Edit: Vary the brightness of each LED by changing the amount of time it is on. 10 msec, 9 msec, 8 msec, etc.
 

Thread Starter

zirconx

Joined Mar 10, 2010
97
How about LEDs with resistors inside the LED itself? https://www.sparkfun.com/products/14563
Yes those would work excellent! Thanks for the suggestion. However I don't want to spend $9 + shipping, I already have several hundred LEDs laying around here.

I might do something similar to those - cut the cathode very short and solder in a resistor in place of that lead. Like this picture I just found.
 

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ApacheKid

Joined Jan 12, 2015
157
I'd like to be able to turn on 3 different LEDs from my raspberry pi. Due to limited space on my perf board, I'd like to ground all 3 of them through the same current limiting resistor. My plan is to use pins 16,20,21 for the anodes and connect the cathodes through a single resistor to the nearby ground pin. Will that work ok? Assuming I'm only passing 5ma on each one, 15ma (.05W) through the single resistor should be fine?

Would one turning on affect the brightness of one that was already on?
Software Solution to the One Resistor Question

An off-the-wall idea is to do it with software. Three GPIO outputs go to the three LED anodes. Three cathodes are tied together and go to ground through ONE resistor. Output a high signal to one of the LEDs while grounding the other two outputs. This lights one LED only. The other LEDs do not draw current because they are reversed biased. After about 10 milliseconds, ground that output and go to the next LED which needs to be on and output a high signal on that LED. Sequentially and repeatedly go through all the LEDs which need to be on. Switching every 10 milliseconds. The LEDs are multiplexed in time. Do it fast enough (33 Hz in this example) and the LEDs appear to be on continuously. The current through an LED must be 3 times greater than if the LED was on all the time. However, the total power dissipated is the same since only one LED is on at a time. Don't exceed the maximum output current of the outputs. I told you it was off-the-wall.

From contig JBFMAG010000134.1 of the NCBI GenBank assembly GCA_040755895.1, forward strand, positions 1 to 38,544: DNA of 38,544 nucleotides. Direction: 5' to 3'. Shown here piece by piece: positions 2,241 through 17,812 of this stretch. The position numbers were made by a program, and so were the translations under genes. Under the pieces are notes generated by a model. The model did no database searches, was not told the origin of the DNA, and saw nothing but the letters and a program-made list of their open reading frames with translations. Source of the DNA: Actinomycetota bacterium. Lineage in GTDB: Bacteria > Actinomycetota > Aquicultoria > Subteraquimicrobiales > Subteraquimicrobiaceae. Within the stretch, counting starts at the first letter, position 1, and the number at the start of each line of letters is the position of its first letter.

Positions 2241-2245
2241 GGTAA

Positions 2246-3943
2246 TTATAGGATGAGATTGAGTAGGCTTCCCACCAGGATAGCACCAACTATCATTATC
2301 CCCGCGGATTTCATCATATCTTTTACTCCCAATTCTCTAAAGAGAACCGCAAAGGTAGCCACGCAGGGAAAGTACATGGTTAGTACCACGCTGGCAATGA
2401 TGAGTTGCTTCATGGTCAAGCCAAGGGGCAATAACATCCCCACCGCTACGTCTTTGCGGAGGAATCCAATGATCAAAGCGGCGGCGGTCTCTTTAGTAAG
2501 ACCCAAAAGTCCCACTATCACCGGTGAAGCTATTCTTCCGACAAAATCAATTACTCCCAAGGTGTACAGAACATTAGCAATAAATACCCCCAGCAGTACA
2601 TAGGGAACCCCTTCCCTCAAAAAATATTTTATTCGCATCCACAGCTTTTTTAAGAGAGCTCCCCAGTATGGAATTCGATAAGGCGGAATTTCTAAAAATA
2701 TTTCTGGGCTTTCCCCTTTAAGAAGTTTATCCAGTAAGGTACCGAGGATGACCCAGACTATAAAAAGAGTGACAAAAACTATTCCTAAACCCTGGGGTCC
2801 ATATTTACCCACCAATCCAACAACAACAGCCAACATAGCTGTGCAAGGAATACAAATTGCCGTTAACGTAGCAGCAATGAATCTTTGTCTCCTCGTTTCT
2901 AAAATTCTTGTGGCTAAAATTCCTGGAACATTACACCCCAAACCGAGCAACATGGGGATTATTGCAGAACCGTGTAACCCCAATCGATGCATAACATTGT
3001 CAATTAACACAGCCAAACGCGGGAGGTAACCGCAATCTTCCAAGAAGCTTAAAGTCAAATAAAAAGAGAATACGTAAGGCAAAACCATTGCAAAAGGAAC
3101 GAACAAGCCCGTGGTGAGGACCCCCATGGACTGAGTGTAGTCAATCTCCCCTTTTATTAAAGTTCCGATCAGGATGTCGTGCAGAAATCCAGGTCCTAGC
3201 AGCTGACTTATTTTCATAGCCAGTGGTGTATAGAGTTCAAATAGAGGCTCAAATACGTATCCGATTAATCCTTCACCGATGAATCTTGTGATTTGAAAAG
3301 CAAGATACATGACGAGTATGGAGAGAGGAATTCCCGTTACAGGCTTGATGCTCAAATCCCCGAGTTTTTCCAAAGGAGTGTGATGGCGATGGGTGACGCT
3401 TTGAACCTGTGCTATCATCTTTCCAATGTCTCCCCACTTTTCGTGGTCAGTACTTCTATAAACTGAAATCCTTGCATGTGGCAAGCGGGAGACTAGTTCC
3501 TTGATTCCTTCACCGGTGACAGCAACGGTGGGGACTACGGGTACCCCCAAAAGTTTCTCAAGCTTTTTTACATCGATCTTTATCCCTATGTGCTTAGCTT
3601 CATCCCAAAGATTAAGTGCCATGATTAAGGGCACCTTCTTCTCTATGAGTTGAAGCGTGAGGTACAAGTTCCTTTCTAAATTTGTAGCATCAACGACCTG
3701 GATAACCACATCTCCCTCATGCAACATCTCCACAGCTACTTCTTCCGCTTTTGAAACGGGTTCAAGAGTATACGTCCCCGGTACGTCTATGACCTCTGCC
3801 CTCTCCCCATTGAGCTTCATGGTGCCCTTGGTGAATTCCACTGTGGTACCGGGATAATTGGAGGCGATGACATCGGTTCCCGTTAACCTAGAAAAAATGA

Edit: Vary the brightness of each LED by changing the amount of time it is on. 10 msec, 9 msec, 8 msec, etc.
Yes multiplexing in this way will work well. Early calculators used very small 7-segment LED displays and this is how they did this.

 

Tonyr1084

Joined Sep 24, 2015
4,130
Can you power multiple LED's through a single ground resistor? Yes. But like others have said, they have to have the same forward voltage. The video attached is what happens when you ground through a single resistor. You'll see blue LED's and red LED's. When placed in parallel the red LED will make the blue LED go out. The red is hogging all the current. But with multiple blue LED's you can see over time how they get dimmer. I did this video as a test to see what would happen. Some of the numbers on current are a little off because I didn't subtract forward voltages. Doing LED's in parallel present an odd situation where (for me) calculating the current is confusing. Nevertheless, yes, you can power multiple parallel LED's through a single ground resistor.

 

Thread Starter

zirconx

Joined Mar 10, 2010
97
Done. You may notice from the photo that resistors are different, I used a 330ohm (I think) for the red LED, and a 100ohm resistor for the yellow and red. Those two were older LEDs (maybe made in Japan?) rated for 20ma. I'm passing 12ma through them with the 100ohm resistor.